Commentary: Decolonization of Culture


By Edmond Y. Azadian

Globalization is the direct outcome of instant communication. The advent of cyberspace, with all its rewards, has the tendency of homogenization, leading nations and individuals to lose character and personality.

Because of the impact of globalization, young people in Seoul, South Korea and other youth at another region of the globe, say Argentina, are wearing the same brand of jeans, biting into the same kind of McDonald’s sandwiches and singing the same rap songs. It is indeed thrilling to see the world shrinking into a global village. This homogenization of tastes, however, offers the opportunity to the multi-national corporations to broaden their markets and reap ever-expanding profits.

Although many East European countries are gleefully embracing the fruits of globalization, countries of Old Europe, especially France, are worried about losing their identity. France has been fighting desperately to preserve the purity of its language in the media, resisting the use of anglisized expressions, especially the impact of the American culture in its many manifestations.

This struggle to preserve national identity has been going on for some time in France and it is one of the main topics of public discourse.

Recently a satirical novel was published in France touching some raw nerves. Many circles in France, preoccupied with the loss of national identity, have received this novel with great enthusiasm, because it has hit the spot. The novel is titled, The Return of the General, by Benoit Duteurtre, making an allusion to the return of General de Gaulle, symbol of French orgeuil (pride) to fight the
impact of globalization and to return the French people to the good old days.

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The reaction, and the fight broke out with the bastardization of French oeuf mayonnaise and the general, upon his return, restores order and makes “the world safe for mayonnaise.”

The novel begins with a simple yet symbolic issue and develops into a generalization afflicting the lives of the modern French people. “The oeuf mayonnaise saga is a homage to the Gaullist aphorism about irreducible individualism of the French: how, he once groaned, “could anyone govern a country with 246 varieties of cheese?” (Salad Cream, by Suhir Hazareesingh, TLS, May 21).

DeGaulle’s shadow still lurks in the deeper sanctuary of the French psyche.

DeGaulle also taps into the intense resentment often felt in France at America’s military, economic and cultural hegemony.

The issue is not only resentment against American influence; it is rather the fact that globalization is similar to a one-way street, with stronger nations imposing their influence on relatively small nations, proud in their cultural traditions and particular values.

If nations as big as France worry about the loss of their national identity, how much more do the fragile nations, in this case, Armenia, have to worry?

During the Soviet era, education was taken very seriously. Besides the pseudo-science of Marxism-Lenism, which was the laughing stock of teachers and students equally, students received a solid educational background, equipped to compete with any country. Independence brought confusion and chaos to the educational system. Aspiring to be integrated into the European structures, Armenia subscribed to the Bologna Convention, which still is not well defined in Armenia and thus has been wreaking havoc. The Bologna Convention, which tries to homogenize the educational systems of participating countries, has not been fully absorbed in Armenia.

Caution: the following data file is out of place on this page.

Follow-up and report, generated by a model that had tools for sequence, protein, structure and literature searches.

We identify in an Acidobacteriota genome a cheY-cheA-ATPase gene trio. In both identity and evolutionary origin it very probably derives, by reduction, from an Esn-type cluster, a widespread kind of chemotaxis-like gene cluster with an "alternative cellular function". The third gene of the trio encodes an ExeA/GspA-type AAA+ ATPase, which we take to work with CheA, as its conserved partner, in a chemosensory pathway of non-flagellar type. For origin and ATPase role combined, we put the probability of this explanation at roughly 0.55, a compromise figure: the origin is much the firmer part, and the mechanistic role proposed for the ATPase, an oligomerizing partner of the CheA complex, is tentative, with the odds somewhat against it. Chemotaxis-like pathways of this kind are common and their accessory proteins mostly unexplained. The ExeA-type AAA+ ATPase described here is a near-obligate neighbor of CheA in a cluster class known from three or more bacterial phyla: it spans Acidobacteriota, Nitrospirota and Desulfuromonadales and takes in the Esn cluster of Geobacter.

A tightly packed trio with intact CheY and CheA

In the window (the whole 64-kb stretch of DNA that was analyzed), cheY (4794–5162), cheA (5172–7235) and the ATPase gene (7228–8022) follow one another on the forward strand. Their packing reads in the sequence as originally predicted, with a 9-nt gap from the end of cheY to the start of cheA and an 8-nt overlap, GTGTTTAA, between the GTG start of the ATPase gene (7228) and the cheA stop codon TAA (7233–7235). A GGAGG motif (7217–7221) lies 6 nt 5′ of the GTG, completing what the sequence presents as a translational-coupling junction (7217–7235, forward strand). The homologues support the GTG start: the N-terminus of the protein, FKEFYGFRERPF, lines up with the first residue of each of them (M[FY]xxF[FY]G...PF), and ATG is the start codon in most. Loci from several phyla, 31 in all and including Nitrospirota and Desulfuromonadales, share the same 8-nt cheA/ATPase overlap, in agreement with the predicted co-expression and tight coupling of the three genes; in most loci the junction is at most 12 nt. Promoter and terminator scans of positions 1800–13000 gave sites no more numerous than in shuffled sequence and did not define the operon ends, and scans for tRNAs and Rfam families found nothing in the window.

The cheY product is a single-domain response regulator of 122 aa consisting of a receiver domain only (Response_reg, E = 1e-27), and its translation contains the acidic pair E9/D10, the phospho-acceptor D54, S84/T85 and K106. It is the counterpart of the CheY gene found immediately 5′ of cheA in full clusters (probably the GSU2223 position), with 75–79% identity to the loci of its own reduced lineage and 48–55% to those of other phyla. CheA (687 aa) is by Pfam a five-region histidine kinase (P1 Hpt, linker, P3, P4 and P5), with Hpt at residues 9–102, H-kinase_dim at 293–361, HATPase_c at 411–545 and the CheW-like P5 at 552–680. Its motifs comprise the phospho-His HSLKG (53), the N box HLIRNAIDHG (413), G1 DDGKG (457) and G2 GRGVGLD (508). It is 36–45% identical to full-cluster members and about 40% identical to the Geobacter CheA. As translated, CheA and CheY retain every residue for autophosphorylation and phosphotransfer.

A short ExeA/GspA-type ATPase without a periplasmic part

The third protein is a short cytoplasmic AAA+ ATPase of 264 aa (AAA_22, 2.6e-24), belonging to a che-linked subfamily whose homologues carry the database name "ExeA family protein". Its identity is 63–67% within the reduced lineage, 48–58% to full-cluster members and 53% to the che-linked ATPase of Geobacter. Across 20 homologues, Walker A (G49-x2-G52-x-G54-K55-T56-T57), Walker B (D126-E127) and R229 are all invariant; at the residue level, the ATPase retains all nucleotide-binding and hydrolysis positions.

Now comes a new threat with a draft law, which the Minister of Education Armen Ashotian has proposed. The draft law, which has been sent to the parliament for adoption, intends to reintroduce into the public schools a medium of instruction other than Armenian language.

There is an outcry against this decision in Armenia. This is like superimposing globalization over provincialism, which is rampant today in Armenia’s educational system. The Armenian language has suffered tremendously and distortions on store signs, news media, and even in literature have been plaguing the country for a long time.

One parliament member, Anahit Bakhshyan, has stated: “Currently, it is not the reopening of the foreign language schools, but rather the poor level of the Armenian language at our schools that is a threat.”

The president of the Public Council, Vazgen Manoukian, has offered an even harsher criticism: “The minister of education says, ‘I cannot raise the quality of education, I must bring schools from abroad.’ This must be considered ridiculous, if not tragic. …We were trying to take a step forward, but this project is a step toward an abyss. Many scholars have concluded that it is essential that the child obtain basic education in his/her mother tongue and only then learn foreign languages.”

The fight is not against learning foreign languages; it is against substituting Armenian state schools with foreign-language schools.

Armenia is still adjusting to its newly-acquired status of an independent nation and copying ready-made models seems the most palatable option, which in the long run may compromise the national identity of the country.

This issue is not a satirical case like the one in the French novel — it is a real issue, which cuts deep into our national psyche.

We hope criticisms and the national outcry will yield some results soon and this race toward embracing alien cultures without scrutiny would be halted immediately. A sober reassessment will result in the decolonization of our language and culture.

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